Amazon: Email Banning TikTok From Employee Phones ‘Sent in Error’; New German Law Would Force ISPs to Let Secret Service Install Trojans on User Devices; US Court Rules Data-Breach Claims Against Equifax Can Move Forward; FPF Releases Visual Guide on Encryption. Click “Continue reading” below.
Amazon: Email Banning TikTok From Employee Phones ‘Sent in Error’
Amazon told employees Friday to delete TikTok from their cellphones because of potential “security risks” — but the company later said the directive was a mistake.
“This morning’s email to some of our employees was sent in error,” an Amazon spokesman told Variety. “There is no change to our policies right now with regard to TikTok.”
In the earlier message, Amazon said that TikTok, the embattled short-form video app owned by Chinese internet company ByteDance, should not be used on any employee device that can access Amazon’s email system.
The email was first reported by The New York Times.
“Due to security risks, the TikTok app is no longer permitted on mobile devices that access Amazon email,” the initial email said. Amazon had about 840,000 employees worldwide as of the end of the first quarter.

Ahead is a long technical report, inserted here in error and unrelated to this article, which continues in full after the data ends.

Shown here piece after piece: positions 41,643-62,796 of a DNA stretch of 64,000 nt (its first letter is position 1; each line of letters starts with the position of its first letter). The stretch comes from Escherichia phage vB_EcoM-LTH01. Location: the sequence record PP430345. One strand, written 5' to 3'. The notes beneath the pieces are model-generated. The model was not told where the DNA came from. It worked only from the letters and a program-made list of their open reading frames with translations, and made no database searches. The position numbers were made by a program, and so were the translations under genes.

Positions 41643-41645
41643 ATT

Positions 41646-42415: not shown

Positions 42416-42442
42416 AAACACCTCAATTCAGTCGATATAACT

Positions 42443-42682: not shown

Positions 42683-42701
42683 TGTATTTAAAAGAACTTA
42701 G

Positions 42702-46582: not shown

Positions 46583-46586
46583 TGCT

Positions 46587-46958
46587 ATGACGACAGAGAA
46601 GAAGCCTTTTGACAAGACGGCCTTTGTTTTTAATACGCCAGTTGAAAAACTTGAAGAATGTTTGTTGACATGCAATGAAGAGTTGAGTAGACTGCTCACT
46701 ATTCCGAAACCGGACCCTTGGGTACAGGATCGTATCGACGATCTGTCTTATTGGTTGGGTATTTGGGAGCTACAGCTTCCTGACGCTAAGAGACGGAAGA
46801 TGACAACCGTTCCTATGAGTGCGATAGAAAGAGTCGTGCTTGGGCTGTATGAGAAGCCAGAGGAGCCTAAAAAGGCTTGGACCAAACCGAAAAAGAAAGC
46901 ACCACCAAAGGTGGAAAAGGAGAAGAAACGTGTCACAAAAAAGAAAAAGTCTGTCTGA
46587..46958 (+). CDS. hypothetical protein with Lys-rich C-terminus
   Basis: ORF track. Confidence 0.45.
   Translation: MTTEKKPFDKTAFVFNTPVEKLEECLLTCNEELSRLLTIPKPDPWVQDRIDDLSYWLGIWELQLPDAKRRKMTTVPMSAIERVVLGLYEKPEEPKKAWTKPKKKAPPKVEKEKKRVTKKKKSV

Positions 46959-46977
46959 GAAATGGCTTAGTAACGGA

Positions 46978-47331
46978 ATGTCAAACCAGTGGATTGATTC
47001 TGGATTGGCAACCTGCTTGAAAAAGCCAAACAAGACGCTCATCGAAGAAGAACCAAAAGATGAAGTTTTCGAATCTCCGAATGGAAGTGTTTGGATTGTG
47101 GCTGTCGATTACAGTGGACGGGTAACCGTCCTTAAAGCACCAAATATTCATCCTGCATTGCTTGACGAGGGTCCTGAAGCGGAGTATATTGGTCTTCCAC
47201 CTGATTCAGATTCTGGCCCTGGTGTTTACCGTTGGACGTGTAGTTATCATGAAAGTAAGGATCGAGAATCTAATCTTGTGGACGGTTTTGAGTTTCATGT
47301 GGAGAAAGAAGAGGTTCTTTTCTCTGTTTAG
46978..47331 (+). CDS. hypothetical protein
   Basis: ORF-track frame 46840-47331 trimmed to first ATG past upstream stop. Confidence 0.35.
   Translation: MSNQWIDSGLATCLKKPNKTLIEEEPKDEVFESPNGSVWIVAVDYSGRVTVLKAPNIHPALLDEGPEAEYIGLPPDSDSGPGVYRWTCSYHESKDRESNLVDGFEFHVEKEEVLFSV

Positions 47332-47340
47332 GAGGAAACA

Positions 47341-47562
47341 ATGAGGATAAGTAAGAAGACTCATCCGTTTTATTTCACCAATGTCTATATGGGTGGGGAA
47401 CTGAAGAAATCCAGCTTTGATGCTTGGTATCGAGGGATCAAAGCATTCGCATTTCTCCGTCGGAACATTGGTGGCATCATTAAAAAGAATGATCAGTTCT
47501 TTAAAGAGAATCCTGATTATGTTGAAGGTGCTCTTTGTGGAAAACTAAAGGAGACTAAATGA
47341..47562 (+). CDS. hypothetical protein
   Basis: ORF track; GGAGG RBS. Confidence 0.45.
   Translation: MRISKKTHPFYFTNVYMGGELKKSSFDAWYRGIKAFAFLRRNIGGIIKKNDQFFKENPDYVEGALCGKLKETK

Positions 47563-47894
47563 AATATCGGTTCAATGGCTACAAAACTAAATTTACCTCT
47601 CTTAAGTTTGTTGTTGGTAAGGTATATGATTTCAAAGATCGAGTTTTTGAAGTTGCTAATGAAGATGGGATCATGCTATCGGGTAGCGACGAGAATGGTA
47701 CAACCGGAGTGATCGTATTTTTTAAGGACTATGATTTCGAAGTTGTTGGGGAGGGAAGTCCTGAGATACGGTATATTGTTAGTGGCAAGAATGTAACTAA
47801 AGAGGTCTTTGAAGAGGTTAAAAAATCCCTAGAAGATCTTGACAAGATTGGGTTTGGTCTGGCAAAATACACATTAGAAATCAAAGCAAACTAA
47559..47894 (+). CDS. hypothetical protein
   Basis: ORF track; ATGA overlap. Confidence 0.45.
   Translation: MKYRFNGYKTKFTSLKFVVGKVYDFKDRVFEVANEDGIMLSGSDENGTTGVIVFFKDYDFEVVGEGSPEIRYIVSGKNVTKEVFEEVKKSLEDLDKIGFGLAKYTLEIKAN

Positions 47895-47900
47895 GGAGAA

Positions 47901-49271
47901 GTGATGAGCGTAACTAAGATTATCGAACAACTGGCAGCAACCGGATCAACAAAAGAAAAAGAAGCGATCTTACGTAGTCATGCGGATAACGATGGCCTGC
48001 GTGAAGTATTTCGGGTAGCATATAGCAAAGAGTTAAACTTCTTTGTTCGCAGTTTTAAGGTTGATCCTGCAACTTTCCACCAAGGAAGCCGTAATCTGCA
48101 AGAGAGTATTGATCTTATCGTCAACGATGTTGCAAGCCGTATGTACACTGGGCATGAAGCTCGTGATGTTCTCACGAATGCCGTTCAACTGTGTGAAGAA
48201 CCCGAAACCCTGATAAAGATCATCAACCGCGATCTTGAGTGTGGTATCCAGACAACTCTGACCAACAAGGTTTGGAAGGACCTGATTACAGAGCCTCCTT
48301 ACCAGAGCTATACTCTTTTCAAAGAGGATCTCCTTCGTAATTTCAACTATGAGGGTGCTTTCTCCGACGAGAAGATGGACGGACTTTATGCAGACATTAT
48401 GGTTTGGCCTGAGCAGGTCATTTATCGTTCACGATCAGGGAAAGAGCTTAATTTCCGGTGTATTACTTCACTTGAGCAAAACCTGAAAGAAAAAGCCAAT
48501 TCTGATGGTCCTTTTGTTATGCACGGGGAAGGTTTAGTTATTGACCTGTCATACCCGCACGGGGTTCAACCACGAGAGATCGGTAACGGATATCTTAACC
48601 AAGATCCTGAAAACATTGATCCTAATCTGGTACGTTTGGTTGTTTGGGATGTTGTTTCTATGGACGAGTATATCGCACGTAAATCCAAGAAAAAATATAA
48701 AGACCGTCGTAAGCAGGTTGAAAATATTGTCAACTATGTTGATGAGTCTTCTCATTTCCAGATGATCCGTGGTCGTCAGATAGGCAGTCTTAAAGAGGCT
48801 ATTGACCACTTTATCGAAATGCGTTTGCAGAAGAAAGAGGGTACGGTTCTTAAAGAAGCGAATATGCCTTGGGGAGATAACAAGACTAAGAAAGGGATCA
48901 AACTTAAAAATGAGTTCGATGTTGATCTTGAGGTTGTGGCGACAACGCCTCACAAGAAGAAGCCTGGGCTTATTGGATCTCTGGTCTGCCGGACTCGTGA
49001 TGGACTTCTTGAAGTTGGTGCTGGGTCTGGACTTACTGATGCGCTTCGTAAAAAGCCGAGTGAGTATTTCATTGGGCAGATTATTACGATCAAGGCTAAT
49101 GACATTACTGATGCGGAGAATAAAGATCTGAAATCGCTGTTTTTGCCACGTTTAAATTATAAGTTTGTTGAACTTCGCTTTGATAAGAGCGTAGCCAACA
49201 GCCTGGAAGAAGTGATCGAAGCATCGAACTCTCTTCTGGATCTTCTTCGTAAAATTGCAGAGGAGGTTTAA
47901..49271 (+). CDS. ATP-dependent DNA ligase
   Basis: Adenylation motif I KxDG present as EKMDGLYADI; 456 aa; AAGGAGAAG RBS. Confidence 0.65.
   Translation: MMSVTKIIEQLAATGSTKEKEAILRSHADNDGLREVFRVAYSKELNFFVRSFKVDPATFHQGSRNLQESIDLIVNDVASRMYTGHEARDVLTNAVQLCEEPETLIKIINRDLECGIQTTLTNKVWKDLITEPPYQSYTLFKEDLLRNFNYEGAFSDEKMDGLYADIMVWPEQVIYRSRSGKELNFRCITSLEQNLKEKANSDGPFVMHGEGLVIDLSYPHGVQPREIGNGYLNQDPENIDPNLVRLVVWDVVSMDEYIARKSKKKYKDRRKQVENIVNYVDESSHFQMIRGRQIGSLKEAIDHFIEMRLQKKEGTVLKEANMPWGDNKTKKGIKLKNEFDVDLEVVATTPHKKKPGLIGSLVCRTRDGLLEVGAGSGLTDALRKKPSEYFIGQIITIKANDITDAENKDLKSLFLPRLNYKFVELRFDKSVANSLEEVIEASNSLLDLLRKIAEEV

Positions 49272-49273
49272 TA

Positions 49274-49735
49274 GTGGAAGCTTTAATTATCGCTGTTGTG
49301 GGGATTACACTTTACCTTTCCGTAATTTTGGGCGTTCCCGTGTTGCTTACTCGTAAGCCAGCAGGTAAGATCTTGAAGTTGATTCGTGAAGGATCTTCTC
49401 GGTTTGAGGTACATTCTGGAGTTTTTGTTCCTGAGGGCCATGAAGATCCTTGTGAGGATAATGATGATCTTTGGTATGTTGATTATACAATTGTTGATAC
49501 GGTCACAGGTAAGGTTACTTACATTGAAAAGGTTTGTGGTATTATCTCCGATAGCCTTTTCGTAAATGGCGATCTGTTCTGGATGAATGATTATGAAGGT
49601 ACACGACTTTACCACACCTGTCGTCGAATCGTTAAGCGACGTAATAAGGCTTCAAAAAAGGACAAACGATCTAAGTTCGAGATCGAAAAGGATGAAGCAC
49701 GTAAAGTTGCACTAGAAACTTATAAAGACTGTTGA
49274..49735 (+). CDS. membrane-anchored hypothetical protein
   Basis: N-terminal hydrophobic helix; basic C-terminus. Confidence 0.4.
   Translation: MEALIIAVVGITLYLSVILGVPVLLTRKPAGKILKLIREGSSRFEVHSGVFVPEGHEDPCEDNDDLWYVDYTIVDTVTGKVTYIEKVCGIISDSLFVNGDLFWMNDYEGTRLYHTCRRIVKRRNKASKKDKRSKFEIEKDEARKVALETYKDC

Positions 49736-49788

Earlier, a TikTok spokesperson told Variety in a statement: “While Amazon did not communicate to us before sending their email, and we still do not understand their concerns, we welcome a dialogue so we can address any issues they may have and enable their team to continue participating in our community.
“We’re proud that tens of millions of Americans turn to TikTok for entertainment, inspiration and connection, including many of the Amazon employees and contractors who have been on the frontlines of this pandemic.
“User security is of the utmost importance to TikTok,” the statement added. “We are fully committed to respecting the privacy of our users.”
Secretary of State Mike Pompeo said last week that the U.S. government was looking at somehow banning TikTok, as well as other apps from Chinese companies, over concerns that the Chinese government could possibly have access to private user info.
Sources (external links):
- Variety: Amazon Bans TikTok From Employee Phones Over Security Concerns